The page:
Advertising
A newspaper could not exist without advertising, the major source of income for print papers in the United States. (In some countries, subscriptions bring in more money than the ads.) A big paper’s advertising department includes a manager, clerk-receptionists, sales agents, and graphic artists. Business majors, like administration and marketing, are appropriate for these careers.

Circulation
Newspaper businesses, unlike online news operations, must manually deliver a tangible product. Circulation managers conduct promotional campaigns to increase the number of subscribers. They supervise carriers, ensure that newstands and dispensing machines are stocked, and see that subscribers receive their papers.

This position requires multiple skills, such as employee management, marketing, and public relations. Degrees in related fields may improve the odds of employment, especially at large dailies.

Production
A newspaper’s pressroom, where the product is printed, employs several types of workers. Someone has to be in charge of the operation, of course. This person supervises staffers, oversees equipment maintenance, orders supplies, and meets production deadlines.

Others run the printing press, monitoring ink levels and other settings; and bundle newspapers for the carriers. These are considered manual-labor jobs that do not require post-secondary education, though an experienced pressman is highly valued because of the expertise required.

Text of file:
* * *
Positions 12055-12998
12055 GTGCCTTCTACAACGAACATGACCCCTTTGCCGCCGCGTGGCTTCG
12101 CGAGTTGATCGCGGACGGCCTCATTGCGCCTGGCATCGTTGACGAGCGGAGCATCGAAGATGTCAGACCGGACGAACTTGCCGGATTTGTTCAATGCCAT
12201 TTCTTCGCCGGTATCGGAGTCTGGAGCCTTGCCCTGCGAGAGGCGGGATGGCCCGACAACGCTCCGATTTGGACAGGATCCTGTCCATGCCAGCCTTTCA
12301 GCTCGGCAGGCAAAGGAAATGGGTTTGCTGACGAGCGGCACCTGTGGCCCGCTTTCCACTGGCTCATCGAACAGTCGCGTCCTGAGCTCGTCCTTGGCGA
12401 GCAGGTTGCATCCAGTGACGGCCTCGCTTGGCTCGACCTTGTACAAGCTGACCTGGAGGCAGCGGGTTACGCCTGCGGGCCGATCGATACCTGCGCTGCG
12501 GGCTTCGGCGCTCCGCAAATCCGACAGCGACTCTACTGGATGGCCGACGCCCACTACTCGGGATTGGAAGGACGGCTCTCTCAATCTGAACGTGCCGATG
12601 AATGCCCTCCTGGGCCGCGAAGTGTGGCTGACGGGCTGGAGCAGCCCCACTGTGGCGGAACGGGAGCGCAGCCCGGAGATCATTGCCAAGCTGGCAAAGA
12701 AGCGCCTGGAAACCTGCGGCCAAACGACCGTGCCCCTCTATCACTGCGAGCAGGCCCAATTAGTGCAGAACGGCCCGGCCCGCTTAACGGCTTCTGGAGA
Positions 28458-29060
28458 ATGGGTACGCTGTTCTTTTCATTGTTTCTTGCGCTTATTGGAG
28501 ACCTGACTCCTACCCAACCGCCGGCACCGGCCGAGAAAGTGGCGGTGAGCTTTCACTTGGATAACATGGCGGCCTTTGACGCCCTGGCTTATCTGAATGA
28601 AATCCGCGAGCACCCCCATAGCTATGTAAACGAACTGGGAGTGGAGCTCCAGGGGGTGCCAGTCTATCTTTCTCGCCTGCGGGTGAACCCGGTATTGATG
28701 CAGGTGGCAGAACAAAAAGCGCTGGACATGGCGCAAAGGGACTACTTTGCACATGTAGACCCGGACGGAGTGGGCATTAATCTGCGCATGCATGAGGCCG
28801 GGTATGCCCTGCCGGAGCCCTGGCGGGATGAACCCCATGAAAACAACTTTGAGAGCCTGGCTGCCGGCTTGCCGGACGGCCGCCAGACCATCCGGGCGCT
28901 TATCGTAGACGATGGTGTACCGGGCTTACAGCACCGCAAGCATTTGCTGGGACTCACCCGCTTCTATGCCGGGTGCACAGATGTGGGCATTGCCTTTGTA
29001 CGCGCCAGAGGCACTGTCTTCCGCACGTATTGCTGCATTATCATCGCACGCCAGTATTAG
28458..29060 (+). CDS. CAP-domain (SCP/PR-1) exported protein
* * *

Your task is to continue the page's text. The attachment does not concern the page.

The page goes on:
Business Office Staff
Bookkeepers, accountants, payroll managers, clerks, receptionists, human-resources staff, and cashiers are among the employees that may be found in a newspaper’s business office. Other clerical staffers are needed to pay bills, issue invoices, and file reports. Employers prefer applicants with business-related education and retail-sales experience.

Information-technology jobs also are available. A large paper may have a business-systems manager, desktop-systems analyst and specialist, networks-operations expert, networking systems analyst, other tech-support staff.

The U.S. Bureau of Labor Statistics has predicted that the number of jobs available for reporters, correspondents, and broadcast news analysts will decline by 7,200 (13 percent) between 2012 and 2022. Other newspaper employees also are seeing dwindling opportunities, as advertising continues to shift away from print publications.

The good news for those interested in newspaper careers is that jobs are still provided in nearly every community. The industry is down, but not out. As Mark Twain said, “The reports of (its) death have been greatly exaggerated.”